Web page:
When it comes to the health of the U.S. stock market over the next few weeks, corporate earnings will tell the story.
Alcoa Inc. (NYSE: AA) kicks off the third-quarter earnings season on Wednesday. My guess is that over the next few weeks, as third-quarter earnings are reported, we will have the opportunity to witness a powerful rally that will scamper the Standard & Poor’s 500 toward the 1,200 level and the Dow Jones Industrial Average to the 10,000 threshold. My expectation is that major tech and industrial companies will create upside earnings surprises and issue positive comments about a stabilizing global economy.
My only concern is that there have been very few negative earnings preannouncements so far. Although that sounds like a good thing, the record shows that quarters with the highest level of negative announcements tend to result in the best market performance. It's one of those weird market paradoxes, but usually it's good to get bad news out of the way so that investors can later bid prices up in their time-honored "better-than-expected" routine.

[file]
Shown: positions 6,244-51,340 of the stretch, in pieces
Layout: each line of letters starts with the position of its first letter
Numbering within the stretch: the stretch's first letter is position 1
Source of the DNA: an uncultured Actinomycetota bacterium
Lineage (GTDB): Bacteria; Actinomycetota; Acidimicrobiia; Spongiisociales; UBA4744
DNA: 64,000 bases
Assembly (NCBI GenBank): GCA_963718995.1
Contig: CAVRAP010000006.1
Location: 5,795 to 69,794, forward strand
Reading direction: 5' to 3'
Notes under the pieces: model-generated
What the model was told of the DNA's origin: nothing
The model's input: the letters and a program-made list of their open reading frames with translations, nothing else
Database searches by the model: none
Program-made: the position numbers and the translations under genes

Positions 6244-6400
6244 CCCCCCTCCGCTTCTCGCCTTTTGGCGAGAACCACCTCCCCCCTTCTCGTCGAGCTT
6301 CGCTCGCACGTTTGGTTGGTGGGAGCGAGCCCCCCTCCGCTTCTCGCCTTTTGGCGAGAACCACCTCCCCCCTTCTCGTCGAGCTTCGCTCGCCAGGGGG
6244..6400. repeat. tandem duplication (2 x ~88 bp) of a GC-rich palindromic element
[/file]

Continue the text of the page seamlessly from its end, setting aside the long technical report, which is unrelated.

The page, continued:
Two Ways to Ride the Bull
Stocks stabilized on Friday, recovering from early losses to move briefly into positive territory before sliding lower into the closing bell. A bad jobs report hung over the trading session like a dark thundercloud. As a result, the major indices posted their second consecutive weekly loss. But there are signs the storm is about to clear.
For the day, the Dow lost 0.2%, the S&P 500 lost 0.5%, the Nasdaq Composite Index lost 0.5%, and the Russell 2000 lost 0.6%.
It appears a few buyers were crawling back into the market to buy the dip, reinforcing our view that the bulls still reign and that weakness should be seen as an opportunity to extend long positions: Lowry Research Corp. notes that buying power increased slightly, while selling pressure decreased. Breadth improved from Thursday's heavily negative session, as declining issues outpaced advancers by a 2:1 ratio, while down volume accounted for 68% of total volume.
Industrial and consumer discretionary stocks led the decline, with the Industrials SPDR Exchange-Traded Fund (NSE: XLI) and the Consumer Discretionary SPDR ETF (NYSE: XLY) both falling 1.3%. Consumer staples continue to show relative strength, rising 0.3%. The sector has been a laggard coming out of the March low, rising 32% compared to the 52% rise in the S&P 500 and the 66% increase in consumer discretionary, or retail, stocks. Whether it's because of defensive positioning, or bearish investors finally deciding to join the bull market by focusing on value, these stocks look ready for continued gains.
A Crossroad For U.S. Stocks